For all intents and purposes you’re done – you could simply launch virsh and start the guest but, there’s a few more things you’ll probably want to accomplish before getting to that step: such as getting your guest to access the LAN otherwise half the arguments you passed to the vm-builder would have been for nothing. So what we’re going to do is create a bridged interface for your guest to access.
Resource: http://wiki.libvirt.org/page/Networking#Debian.2FUbuntu_Bridging

You’ll need to edit your network interfaces

sudo nano /etc/network/interfaces

Now find your main interface, for this example we are using eth0, and remove the “allow-hotplug eth0″ line replacing it with “auto br0″. Then change the next line from “iface eth0″ to “iface br0″. Afterward, define the interface as being a bridge and specify its ports.

Your configuration should now look something like this:

auto br0
iface br0 inet static
        bridge_ports eth0
        bridge_stp off
        bridge_maxwait 5

Once that’s done, save and exit then bring up the new interface

ifup br0

Finally append the following lines to ‘/etc/sysctl.conf’ using your favorite text editor.

net.bridge.bridge-nf-call-ip6tables = 0
net.bridge.bridge-nf-call-iptables = 0
net.bridge.bridge-nf-call-arptables = 0

Now we load the new settings

sysctl -p /etc/sysctl.conf

You should now have a “shared physical device”, to which guests can be attached and have full LAN access. Now we just need to edit the guest and inform it to use the bridge we just created. Edit ‘/etc/libvirt/qemu/server.xml’ and look for a line that begins with: .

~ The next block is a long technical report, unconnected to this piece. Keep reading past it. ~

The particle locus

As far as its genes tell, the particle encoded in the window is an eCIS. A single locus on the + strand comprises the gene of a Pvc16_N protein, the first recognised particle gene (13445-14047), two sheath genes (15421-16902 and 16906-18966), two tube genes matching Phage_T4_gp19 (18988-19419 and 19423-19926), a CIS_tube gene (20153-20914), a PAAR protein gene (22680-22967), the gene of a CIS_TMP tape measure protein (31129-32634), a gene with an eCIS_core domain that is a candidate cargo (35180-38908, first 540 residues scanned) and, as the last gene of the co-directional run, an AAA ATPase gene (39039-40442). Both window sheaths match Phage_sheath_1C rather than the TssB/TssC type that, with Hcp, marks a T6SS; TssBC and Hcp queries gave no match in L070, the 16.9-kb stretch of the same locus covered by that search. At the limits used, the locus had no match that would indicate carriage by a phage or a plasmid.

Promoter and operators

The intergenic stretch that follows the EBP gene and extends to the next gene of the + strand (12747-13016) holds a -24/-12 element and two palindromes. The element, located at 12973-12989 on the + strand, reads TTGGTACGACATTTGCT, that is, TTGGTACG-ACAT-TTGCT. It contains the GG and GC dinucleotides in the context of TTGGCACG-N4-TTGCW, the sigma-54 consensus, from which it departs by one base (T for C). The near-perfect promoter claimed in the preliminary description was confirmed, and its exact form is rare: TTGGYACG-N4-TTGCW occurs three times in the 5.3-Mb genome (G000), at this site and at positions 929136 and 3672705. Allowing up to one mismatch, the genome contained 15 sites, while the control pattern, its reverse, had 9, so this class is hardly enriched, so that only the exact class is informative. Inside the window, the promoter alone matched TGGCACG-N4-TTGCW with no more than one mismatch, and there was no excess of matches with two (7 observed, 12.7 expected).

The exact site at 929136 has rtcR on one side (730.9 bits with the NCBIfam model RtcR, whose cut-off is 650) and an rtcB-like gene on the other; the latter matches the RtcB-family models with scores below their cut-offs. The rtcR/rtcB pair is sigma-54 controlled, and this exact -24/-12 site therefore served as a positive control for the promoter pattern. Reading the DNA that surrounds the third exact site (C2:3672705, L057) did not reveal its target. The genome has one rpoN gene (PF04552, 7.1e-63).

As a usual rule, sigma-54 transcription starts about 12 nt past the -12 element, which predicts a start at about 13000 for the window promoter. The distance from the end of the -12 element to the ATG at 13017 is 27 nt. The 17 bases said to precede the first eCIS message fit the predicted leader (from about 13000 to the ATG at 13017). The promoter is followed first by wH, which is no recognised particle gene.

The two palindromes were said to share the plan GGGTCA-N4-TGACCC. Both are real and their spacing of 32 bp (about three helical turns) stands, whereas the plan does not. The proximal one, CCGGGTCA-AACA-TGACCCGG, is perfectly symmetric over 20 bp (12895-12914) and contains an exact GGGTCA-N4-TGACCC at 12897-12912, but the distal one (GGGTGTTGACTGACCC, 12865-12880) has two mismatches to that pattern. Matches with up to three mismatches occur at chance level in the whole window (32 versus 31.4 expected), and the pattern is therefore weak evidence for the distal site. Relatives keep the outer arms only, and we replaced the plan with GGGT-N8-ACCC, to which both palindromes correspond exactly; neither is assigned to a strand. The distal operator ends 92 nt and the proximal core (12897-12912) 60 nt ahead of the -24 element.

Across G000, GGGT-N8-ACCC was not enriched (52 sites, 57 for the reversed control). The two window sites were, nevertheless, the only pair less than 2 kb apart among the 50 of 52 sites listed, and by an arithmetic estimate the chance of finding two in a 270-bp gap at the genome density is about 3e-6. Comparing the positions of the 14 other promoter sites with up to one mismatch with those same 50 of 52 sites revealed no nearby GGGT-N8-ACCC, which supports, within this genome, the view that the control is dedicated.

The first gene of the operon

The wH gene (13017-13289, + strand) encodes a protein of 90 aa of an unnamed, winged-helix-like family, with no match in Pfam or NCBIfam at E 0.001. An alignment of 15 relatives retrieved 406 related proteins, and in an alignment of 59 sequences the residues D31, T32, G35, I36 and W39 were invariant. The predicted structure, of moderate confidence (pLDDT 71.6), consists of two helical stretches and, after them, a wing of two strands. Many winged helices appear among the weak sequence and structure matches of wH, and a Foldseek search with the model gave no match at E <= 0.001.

sudo nano /etc/libvirt/qemu/server.xml
Your going to need to change ‘network’ to ‘bridge’ then look for and change ‘network’ to ‘bridge’ and ‘default’ to ‘br0′. Afterward, append and you don’t need to edit the mac address.
Resource: https://help.ubuntu.com/community/KVM/Networking#Configuring%20ubuntu-vm-builder%20to%20create%20bridged%20guests

So that bracket should now look like this – your mac address will be different

<interface type='bridge'>
      <mac address='52:54:00:f3:60:2a'/>
      <source bridge='br0'/>
      <model type='virtio'/>

You’re pretty much done, simply open virsh and start your new guest.
Resource: http://docs.sun.com/source/820-3838-10/chapter3.html

sudo virsh

Now that we have virsh open you need to define your new guest

define /etc/libvirt/qemu/server.xml
Afterward, turn your new virtual guest on
start server
Once you’ve gotten to this point, simply wait a moment or two for the guest to startup ( like you would any machine ), then you should simply be able to SSH into it using the IP you specified within the initial ubuntu-vm-build statement.

Additional Resources:


Sign in to comment.
sean   -  Aug 09, 2012

Nope, never seen it work like that anywhere. It just would have been nice to be able to manually color objects in code rather than switching to quote tags.

Hawkee   -  Aug 09, 2012

@sean Not sure if it can be handled that way. This is just a standard bbcode encoder. Have you see other sites where it works?

sean   -  Aug 09, 2012

@Hawkee It would be cool if the color bbcode worked within code tags :P